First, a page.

Author Topic: It's walways nice to breath in a submarine - back to school everyone  (Read 13668 times)

Offline JTheotonio

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Well we are into our first weekend of the new year and with that maybe it's time to get back to school.  Things have been pretty slow around here over the holidays.  For the life of me I don't know why.  :crazy2:  Out on patrol - why we barely had a watch off on Christmas day and then back on watch.

So let's try something a little easier to get back into the mode of learning our boat.  Remember this all is based on the Fleet-type Submarine.  We use the The Fleet Type Submarine manual NAVPERS 16160 (June 1946), which was produced after I was born!

Since the earliest attempts by man to travel underwater - air has been one of those things that caused so much trouble for us.  Because of this early submarines, such as the Turtle and Huntley, stayed very close to the surface.  Small pipes extend up to bring down fresh air. However they were very limited.  In fact present theory is that the crew of the Huntley may have suffocated instead of drowning.

So let's start simple.

Name the four main systems of the ventilation arrangement on a Fleet-type submarine.

Then describe in simple terms each of these systems as to purpose.

For extra points - name the color of socks that Darrin is wearing at the time of your answer.   :2funny:
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Offline Lance Dean

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Re: It's walways nice to breath in a submarine - back to school everyone
« Reply #1 on: January 03, 2009, 11:37:14 PM »
Sounds like a good question.  Dang I've been busy as can be. 

Offline etkfixr

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Re: It's walways nice to breath in a submarine - back to school everyone
« Reply #2 on: January 03, 2009, 11:38:25 PM »
I'll start with the easy part:

Ship Supply
Ship Exhaust
Battery Exhaust
Engine Induction

Offline Darrin

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Re: It's walways nice to breath in a submarine - back to school everyone
« Reply #3 on: January 04, 2009, 02:17:40 AM »
Thanks John for bringing the school back to life after the holiday's, seeing how these folks would have NEVER have guessed what kind of socks I have been wearin for the last 2 weeks I will be nice and answer that one for them :2funny:  NONE and then having to drive home today...... white ;)
Now that I am home and going back to work in the next couple of days I will tell you that I ONLY wear white socks in uniform unless I am in a dress uniform and then I wear black socks and get them off ASAP, they tear my feet up way too much (or is it make them smell way too much if they aren't white cotton) :angel:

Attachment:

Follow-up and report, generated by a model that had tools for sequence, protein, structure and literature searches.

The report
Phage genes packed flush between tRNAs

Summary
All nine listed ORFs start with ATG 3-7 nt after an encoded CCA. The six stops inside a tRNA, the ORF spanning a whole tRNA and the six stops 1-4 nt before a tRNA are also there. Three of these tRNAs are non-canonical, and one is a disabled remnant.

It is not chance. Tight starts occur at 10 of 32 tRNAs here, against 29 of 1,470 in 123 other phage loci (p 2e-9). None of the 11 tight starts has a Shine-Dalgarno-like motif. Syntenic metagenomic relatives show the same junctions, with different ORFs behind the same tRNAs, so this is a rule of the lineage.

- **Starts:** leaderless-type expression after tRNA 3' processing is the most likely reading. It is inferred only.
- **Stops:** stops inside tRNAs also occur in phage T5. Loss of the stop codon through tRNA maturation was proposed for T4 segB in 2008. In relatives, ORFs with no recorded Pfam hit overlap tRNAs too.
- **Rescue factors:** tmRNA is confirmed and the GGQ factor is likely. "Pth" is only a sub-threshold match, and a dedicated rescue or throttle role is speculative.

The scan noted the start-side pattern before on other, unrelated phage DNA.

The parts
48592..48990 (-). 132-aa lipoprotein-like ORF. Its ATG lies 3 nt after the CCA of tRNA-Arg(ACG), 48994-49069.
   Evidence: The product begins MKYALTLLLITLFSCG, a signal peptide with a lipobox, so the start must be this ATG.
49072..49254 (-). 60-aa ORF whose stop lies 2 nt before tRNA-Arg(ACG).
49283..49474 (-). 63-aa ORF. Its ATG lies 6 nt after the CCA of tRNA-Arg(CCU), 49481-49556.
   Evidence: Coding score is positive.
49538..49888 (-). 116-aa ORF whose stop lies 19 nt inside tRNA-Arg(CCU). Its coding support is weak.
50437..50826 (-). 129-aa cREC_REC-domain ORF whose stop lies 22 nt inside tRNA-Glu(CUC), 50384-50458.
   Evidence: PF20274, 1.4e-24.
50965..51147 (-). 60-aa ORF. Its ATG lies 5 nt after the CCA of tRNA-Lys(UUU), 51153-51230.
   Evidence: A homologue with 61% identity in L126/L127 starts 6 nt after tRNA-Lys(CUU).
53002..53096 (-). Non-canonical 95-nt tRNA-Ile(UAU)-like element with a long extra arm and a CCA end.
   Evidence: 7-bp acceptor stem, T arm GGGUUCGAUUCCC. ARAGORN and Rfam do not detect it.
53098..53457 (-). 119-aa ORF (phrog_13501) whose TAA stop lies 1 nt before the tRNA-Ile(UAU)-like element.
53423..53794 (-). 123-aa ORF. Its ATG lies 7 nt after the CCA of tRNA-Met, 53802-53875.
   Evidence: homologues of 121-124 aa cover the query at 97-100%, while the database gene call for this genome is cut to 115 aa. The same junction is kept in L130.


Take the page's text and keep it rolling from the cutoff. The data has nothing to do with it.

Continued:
Offline JTheotonio

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Re: It's walways nice to breath in a submarine - back to school everyone
« Reply #4 on: January 04, 2009, 11:00:51 AM »
Good job - OK we got the names of the four systems and a personal accounting of Darrin's socks. :2funny:

So some one now describe the function of each system - or one at a time.  :coolsmiley:
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Offline Lance Dean

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Re: It's walways nice to breath in a submarine - back to school everyone
« Reply #5 on: January 04, 2009, 10:38:57 PM »
Wow the Ship Supply runs through a 16" diameter pipe and carries air at 4,000 cfm!

Offline Darrin

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Re: It's walways nice to breath in a submarine - back to school everyone
« Reply #6 on: January 04, 2009, 11:58:48 PM »
And my socks after being attached to my feet for 5 or more days while being stuffed in desert combat boots (during ground combat operations) have been known to clear a 25'X25' area without any problem much to the dismay of soldiers of mine in the opening days Operaion Iraqi Freedom   :buck2:  Was told that the psyops folks wanted my worn socks for torture training but I refused to torture anyone to that :2funny:
I am pretty sure that Correy from the Batfish can tell you about spending a number of days in full battle rattle in combat, yes even those of us in Aviation stayed in ALL of our gear for days and days in the early part of the war.
Living in a very large sand box made me miss the boats real quick, not having showers for a few weeks made me feel like a diesel boat sailor(execpt for the sand in places I didn't know I had places) and the blast furnace heat made me feel like I was working on a running Fairbanks/Morse 38 1/8 that was just shut down and had to be rebuilt while at operating temps.

Oooops sorry John, kinda hijacked your thread :crazy2:

What was the topic again????

Offline JTheotonio

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Re: It's walways nice to breath in a submarine - back to school everyone
« Reply #7 on: January 05, 2009, 07:25:02 AM »
Ventilation systems - we named the four systems.  So now someone needs to describe each one.  But thanks for telling us all about your socks - what a journey they must have been on.   :buck2:  You keep you sand and desert heat.  I'll stay with my diesel fumes, 140 plus degree engine rooms (of course up in the forward torpedo room we had nice cool AC running, lawn chairs, a fresh supply of Gilly and a lot of pinup girls).  I would give up snorkeling - worst thing to experience. Sucks the living brain cells right out of your head!  :buck2:

So kids back to school - someone describe these four systems before I loose more brain cells!

Ship Supply?
Ship Exhaust?
Battery Exhaust?
Engine Induction?
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John

Offline Darrin

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Re: It's walways nice to breath in a submarine - back to school everyone
« Reply #8 on: January 05, 2009, 08:33:23 AM »
I would have rather have spent my time in the shipyard working 12's instead of living in the sand and the heat, heck I would have even become a MM instead of living in the worlds largest kitty litter box for 6 months :2funny:

Anyways, BACK TO WORK :knuppel2:

Offline Mark Sarsfield

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Re: It's walways nice to breath in a submarine - back to school everyone
« Reply #9 on: January 05, 2009, 05:05:53 PM »
Per The Fleet Type Submarine NavPers 16160, Chapter 7: